Preah Mahaksatreiyani Sisowath Monivong Kossamak Nearirath Serey Vathana (Khmer: ព្រះមហាក្សត្រិយានី ស៊ីសុវត្ថិមុនីវង្ស កុសុមៈនារីរ័ត្នសេរីវឌ្ឍនា; 9 April 1904 – 27 April 1975) was the Queen consort of Cambodia by marriage to King Norodom Suramarit from 1955 to his death in 1960 then co-head of state with her only son, Norodom Sihanouk, from 1960 to 1970. Sisowath Kossamak was born Princess of Cambodia as the daughter of King Sisowath Monivong.
|Queen of Cambodia|
|Queen Mother of Cambodia|
|Reign||20 June 1960 – 18 March 1970|
|Queen consort of Cambodia|
|Tenure||2 March 1955 – 3 April 1960|
|Coronation||5 March 1955|
|Born||9 April 1904|
Phnom Penh, Cambodia
|Died||27 April 1975 (aged 71)|
(m. 1920; died 1960)
|House||House of Sisowath (by birth) |
House of Norodom (by marriage)
|Mother||Norodom Kanviman Norleak Tevi|
Upon the death of Monivong in 1941, Sihanouk took the throne. He abdicated in favor of his father Suramarit, who then reigned for five years. After her husband's death, Kossamak became the symbol and representative of the monarchy while Sihanouk assumed a role equal to that of a monarch. Both were overthrown in a 1970 coup, and they went into exile in China. Kossamak died there in 1975.
Sisowath Kosamak married her father's cousin Norodom Suramarit in 1920. Upon the death of her father Monivong in 1941, Sihanouk, her son and Monivong's grandson, was selected as the new king. In the 1940s, she famously choreographed the apsara dance by training her first grand daughter, Princess Norodom Bopha Devi, to become the first Apsara dancer.
In 1955, Sihanouk abdicated in favor of his father. Queen Kossamak enjoyed great respect and popularity: despite neither a monarch nor politically influential, she was said to exert great moral authority over the khmers, was described as generous to the poor and devoting herself to the welfare of the nation. As queen, she received foreign guests and hosted state functions, were the Royal ballet of Cambodia often performed. Like her daughter-in-law, she was accused of promoting proteges to civil offices. She was not on good terms with her daughter-in-law, Princess Monique, which led to advisories blaming Monique for the sometime strained relationship between Kossamak and Sihanouk, and for Sihanouk alleged initial hesitance to abdicate as it would make his mother queen.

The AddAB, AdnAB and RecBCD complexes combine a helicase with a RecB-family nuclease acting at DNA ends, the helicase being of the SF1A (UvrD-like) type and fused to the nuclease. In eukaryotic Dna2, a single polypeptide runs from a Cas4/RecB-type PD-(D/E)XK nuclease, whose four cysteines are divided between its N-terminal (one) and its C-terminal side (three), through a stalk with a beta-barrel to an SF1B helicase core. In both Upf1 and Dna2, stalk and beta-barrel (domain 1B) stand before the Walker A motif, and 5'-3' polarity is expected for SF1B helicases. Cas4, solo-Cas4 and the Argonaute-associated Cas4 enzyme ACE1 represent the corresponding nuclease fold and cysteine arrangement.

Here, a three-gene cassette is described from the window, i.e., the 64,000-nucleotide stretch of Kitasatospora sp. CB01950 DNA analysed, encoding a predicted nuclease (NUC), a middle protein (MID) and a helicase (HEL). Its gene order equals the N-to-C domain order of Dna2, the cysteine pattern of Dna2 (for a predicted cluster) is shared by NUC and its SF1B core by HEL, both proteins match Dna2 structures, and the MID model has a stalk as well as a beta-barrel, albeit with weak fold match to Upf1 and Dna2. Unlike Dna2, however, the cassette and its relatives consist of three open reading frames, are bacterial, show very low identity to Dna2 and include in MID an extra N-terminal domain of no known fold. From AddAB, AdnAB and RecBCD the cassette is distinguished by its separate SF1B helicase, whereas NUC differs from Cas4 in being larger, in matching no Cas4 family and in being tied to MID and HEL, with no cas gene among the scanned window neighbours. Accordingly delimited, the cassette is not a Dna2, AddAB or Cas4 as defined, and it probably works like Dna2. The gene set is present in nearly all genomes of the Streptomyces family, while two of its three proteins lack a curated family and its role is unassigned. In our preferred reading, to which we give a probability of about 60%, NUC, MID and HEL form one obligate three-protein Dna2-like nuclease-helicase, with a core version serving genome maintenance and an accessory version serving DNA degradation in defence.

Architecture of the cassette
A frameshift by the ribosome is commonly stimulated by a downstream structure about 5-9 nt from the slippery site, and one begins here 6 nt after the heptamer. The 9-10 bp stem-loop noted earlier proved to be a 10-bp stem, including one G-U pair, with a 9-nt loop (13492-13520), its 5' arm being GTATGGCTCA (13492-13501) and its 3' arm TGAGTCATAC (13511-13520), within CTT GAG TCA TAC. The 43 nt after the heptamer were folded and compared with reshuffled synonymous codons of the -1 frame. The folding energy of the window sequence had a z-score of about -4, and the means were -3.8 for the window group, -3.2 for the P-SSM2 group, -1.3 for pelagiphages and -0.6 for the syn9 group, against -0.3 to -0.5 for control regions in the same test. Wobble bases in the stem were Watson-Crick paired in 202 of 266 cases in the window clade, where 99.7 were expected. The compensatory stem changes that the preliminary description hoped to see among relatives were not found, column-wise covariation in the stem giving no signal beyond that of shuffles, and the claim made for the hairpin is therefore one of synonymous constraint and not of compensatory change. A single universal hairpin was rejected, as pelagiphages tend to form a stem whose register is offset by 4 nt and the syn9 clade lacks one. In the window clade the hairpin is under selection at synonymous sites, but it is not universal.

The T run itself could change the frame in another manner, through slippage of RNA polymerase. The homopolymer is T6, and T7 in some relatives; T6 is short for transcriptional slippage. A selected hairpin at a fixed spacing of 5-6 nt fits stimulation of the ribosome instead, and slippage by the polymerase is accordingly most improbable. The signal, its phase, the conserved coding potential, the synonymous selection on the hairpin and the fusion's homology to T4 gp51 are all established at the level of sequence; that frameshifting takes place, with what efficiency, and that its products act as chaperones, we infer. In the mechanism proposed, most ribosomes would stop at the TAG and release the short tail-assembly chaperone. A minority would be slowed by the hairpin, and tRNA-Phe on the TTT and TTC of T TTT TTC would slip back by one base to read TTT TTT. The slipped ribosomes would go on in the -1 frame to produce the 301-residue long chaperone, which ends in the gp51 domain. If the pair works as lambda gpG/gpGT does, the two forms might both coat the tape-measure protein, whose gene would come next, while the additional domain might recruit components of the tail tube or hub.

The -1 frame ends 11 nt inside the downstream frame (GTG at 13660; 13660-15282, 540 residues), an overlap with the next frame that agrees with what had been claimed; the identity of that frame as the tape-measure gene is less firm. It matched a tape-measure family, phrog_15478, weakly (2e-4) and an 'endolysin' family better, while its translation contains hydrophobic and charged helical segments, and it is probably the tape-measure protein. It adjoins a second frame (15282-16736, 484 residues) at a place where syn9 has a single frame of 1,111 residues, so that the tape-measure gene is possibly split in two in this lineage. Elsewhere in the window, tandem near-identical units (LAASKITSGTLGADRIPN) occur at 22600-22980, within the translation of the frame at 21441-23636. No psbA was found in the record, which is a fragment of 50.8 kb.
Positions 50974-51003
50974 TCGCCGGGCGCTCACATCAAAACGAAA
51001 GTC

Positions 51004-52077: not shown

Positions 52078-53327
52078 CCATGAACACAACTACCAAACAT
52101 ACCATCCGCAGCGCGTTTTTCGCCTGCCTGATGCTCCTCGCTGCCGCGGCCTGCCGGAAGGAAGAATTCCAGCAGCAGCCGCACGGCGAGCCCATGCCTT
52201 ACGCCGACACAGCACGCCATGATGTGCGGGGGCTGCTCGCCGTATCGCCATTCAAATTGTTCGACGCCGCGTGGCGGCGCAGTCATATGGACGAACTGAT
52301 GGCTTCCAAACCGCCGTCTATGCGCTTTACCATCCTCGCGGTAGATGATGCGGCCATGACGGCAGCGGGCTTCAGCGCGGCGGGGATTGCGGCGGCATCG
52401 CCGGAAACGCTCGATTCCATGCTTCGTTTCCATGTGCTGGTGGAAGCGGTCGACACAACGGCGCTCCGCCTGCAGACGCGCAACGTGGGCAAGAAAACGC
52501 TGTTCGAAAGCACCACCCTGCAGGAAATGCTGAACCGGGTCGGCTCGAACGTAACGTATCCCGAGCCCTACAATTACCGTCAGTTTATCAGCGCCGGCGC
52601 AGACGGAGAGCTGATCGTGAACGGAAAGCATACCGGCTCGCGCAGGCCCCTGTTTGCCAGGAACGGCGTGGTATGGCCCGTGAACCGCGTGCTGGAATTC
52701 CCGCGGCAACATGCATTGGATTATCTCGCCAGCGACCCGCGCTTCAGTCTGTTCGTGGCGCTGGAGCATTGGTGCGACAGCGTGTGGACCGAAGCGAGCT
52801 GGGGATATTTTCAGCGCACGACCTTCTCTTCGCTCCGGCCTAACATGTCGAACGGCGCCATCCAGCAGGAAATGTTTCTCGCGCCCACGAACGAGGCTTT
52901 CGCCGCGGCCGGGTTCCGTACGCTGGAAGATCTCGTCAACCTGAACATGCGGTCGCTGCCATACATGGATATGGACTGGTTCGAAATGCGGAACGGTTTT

Following Suramarit's death in 1960, Norodom Sihanouk again became head of state (although he did not formally regain the title of king until 1993). There were suggestions of changing the constitution to allow for Kossamak to succeed as queen regnant and monarch in her own name, but the royal council was unwilling to allow it: her son Sihanouk stated that only God knew his reasons to why he did not wish his mother to succeed to the throne.
Queen Kossamak continued in her representational role during the reign of her son as premier during the 1960s. She also upheld her great popularity. In 1965, a serious conflict arouse, when an American paper published slander accusing her of greed and of managing brothels. This incident led to the attack of the American embassy in Phnom Penh and Sihanouk cutting diplomatic relations with the USA.
After the Cambodian coup of 1970, Kossamak was forced to leave the royal palace by the new government and held in house arrest in a villa in the suburb. She was allowed to join her son in Beijing in China for health reasons in 1973. She died in China two years later.
- Jacobsen, Trudy (2008). Lost Goddesses: The Denial of Female Power in Cambodian History. NIAS Press. ISBN 978-87-7694-001-0.
- "Senarai Penuh Penerima Darjah Kebesaran, Bintang dan Pingat Persekutuan Tahun 1964" (PDF).
- "Cambodian Apsara Dance". Web of Cambodia.
- "Cambodia Heads of State". Worldwide Guide to Women in Leadership. 2009-07-12.
Sisowath KossamakBorn: 1904 Died: 27 April 1975
| Queen consort of Cambodia
3 March 1955 – 3 April 1960